From 1965:
What the hell, Ruthie? Why do these cabins have to be so poorly built? The brochure said knotty pine, not shoddy pine. V. leaned against the wall and got a sliver the size of a kitchen match in his rear end. I Mercurochromed it for him as Princess Grace was otherwise engaged. Place smells of damp and mold, sink tub & throne are solid rust stains, Stuart Little and his gang are scooting around inside the walls doing God knows what all night long. They call them housekeeping cabins and somehow that makes you think the cabin is going to do the housekeeping. Hah! This is a vacation from what again?

Fifi could get a lot on a postcard. Maybe the alcohol and the nicotine canceled each other out; in any case, her handwriting was minuscule, crisp, always legible.

From 1968:
Jojo, this is the worst dump yet. Sitting here at 1:15 a.m., moths and millers and June bugs (in August yet) hitting this cheap bulged-out screen beside me. White wings and insect bellies in the lamplight, ugh. The boat leaks so all day long we’re bailing. My smokes got wet. Cabin next door full of children, sticky selfish sunburned ungrateful shrieking brats, they’ll be up at the crack of dawn. They asked me my name, I told them Philomena was a virgin martyr and I thought she had the right idea. Mother of this clan makes crown roast for dinner—I make Lipton soup and tuna sandwiches. The only kind of fish V. can procure. Kitchen is a joke, plus it stinks.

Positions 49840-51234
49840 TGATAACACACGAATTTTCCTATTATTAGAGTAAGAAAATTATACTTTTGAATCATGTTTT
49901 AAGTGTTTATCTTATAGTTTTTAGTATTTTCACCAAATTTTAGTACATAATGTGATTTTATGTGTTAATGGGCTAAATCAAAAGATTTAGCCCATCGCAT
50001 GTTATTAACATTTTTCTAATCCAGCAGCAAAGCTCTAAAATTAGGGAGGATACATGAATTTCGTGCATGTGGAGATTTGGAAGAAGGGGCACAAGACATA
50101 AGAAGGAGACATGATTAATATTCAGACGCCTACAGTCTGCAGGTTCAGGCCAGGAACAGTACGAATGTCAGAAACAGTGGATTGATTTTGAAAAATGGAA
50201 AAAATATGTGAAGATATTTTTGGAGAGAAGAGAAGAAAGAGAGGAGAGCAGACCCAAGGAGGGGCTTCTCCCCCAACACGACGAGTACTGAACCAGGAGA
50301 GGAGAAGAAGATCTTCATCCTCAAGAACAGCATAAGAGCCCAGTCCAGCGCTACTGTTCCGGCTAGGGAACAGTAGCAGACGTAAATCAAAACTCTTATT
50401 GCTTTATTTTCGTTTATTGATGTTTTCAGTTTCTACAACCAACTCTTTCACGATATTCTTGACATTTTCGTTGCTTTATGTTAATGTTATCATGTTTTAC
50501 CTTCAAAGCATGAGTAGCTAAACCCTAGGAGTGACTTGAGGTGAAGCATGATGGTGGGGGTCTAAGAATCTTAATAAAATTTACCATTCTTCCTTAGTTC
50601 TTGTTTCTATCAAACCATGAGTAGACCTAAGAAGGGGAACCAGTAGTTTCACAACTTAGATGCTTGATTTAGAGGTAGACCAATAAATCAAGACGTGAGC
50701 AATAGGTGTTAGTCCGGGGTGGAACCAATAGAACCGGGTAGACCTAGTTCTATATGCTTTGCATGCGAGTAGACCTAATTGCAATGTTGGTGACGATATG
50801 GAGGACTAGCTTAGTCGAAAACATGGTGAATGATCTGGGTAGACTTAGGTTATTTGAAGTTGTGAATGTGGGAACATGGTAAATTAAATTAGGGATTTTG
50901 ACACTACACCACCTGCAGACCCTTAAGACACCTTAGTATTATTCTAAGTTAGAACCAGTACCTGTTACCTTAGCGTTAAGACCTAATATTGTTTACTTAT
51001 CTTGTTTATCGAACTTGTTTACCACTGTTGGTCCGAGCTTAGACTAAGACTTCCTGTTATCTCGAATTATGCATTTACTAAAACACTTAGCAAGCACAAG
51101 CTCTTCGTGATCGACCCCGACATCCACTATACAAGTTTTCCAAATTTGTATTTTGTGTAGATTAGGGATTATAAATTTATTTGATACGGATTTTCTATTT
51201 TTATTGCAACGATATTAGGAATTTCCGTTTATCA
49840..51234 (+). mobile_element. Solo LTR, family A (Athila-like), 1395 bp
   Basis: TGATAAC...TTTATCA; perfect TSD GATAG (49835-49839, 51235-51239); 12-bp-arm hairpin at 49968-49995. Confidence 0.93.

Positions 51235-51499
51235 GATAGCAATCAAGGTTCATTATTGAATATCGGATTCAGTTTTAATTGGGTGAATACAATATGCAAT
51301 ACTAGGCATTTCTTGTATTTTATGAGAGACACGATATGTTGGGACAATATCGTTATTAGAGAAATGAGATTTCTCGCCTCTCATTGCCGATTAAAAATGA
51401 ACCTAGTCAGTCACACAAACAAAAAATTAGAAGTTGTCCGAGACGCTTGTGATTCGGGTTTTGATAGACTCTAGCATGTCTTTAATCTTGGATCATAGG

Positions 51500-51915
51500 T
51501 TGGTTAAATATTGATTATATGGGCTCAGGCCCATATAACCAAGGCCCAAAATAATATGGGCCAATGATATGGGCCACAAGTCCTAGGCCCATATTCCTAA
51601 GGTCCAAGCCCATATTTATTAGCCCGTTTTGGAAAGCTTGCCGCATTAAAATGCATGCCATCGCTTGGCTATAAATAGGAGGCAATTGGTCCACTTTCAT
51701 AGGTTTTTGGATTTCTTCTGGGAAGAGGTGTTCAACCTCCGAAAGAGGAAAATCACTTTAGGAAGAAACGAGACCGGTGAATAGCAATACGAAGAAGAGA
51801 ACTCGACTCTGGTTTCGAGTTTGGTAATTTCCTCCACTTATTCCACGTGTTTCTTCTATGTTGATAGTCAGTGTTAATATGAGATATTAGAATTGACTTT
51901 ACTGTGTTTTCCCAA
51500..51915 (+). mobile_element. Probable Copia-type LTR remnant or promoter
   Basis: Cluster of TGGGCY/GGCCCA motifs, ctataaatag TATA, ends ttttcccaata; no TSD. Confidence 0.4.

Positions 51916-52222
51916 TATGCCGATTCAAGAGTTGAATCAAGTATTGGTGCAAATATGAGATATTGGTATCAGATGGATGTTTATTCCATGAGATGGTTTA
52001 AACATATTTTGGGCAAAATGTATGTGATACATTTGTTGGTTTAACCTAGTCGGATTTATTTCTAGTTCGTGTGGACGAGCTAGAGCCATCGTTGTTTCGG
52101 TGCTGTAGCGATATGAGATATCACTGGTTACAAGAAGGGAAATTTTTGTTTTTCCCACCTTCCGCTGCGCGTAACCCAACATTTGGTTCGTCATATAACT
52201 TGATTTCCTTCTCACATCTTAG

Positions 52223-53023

From 1973:
Jo: This a.m. Vern in casting his bait hooks my reading glasses right off my head and flings them into the lake. Worm juice in my hair and how am I going to read The Other Side of Midnight? Sexy book—you want to borrow? Makes you long to go to France rather than Bemidji. Then again what doesn’t? Finally saw a loon this morning after all these years. Cute, but big deal. I’m no fan of birds. Rats with wings. We went to a local “supper club” for dinner tonight. Inedible. Weak drinks. Got back to the cabin and there’s a skunk eating our garbage. Guess he had a run-in later, because this whole part of the world smells like your worst nightmare. V. snores on. All this squinting gives me a headache.

A few years later she was directly addressing those she believed were surveilling her correspondence.

From 1975: